Prior to the 1800's, Longridge was little more than a hamlet, containing a few scattered cottages and a couple of inns. The greater portion of the land on the northern and north-western side of the fell was moorland and unenclosed.

In 1804 King Street was built, the old Club Row having been built a few years earlier. An old cottage in Fell Brow, for years went by the high sounding name of 'The Town's Hall,' and was the property of the late Rev. R. Parkinson, curate of Longridge.

Lime used to be carried in large quantities in panniers on mule's backs. Another thriving industry was the besom trade. They were carried from Longridge to Liverpool and the carrier used to load back with spirits.

Two days were set apart for the annual Guild. On one day was the horse race, and a foot race was held on the second.

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The Preston and Longridge Railway

The Preston and Longridge Railway was opened for traffic in May 1840. At first it was worked by horses, as the line was on a steep incline all the way, the horses, after drawing the trains to Longridge, used to ride down in the van on the return journeys. In 1848 the first locomotive was used, the service of trains was as follows:--

Sunday, Monday, Wednesday and Saturday, two trains a day. The return fare (third Class) was 9d.

The line originally intended to be continued through Ribchester and Hurst Green to Yorkshire, but owing to the determined opposition of some of the leading landowners in the district, this scheme was abandoned.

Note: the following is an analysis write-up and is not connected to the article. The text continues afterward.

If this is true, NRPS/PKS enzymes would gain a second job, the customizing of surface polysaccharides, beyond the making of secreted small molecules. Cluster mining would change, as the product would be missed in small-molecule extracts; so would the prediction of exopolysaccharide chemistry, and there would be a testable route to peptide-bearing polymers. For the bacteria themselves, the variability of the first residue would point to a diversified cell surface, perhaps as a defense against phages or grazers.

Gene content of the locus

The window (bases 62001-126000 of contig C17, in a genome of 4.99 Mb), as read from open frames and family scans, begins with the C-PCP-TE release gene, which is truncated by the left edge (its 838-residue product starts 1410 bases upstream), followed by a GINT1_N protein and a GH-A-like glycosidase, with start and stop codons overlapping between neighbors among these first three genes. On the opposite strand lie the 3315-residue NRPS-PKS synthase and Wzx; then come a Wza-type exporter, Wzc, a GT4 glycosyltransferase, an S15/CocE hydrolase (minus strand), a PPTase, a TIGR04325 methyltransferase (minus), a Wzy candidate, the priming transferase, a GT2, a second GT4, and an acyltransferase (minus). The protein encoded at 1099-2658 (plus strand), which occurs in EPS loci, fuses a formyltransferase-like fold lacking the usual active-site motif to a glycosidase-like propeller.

On August 10th 1867, a serious accident occurred, a special train left Longridge shortly after the ordinary 7-30 p.m. train, near Fulwood, the special train ran into the leading train. Both trains were crowded with visitors returning from the Guild festivities at Longridge. Over sixty people were injured, several seriously.

But for the development of the stone trade, there can be little doubt that that Longridge would have remained in the same stationary condition as such places as Chipping, Goosnargh and Ribchester. The first large scale quarry was being opened in Longridge in 1830.

The quarries these days have been closed for years, but one was reopened in the early 1970's and stone taken for the building of the M55 motorway.

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The above article was kindly supplied by Dave Singleton.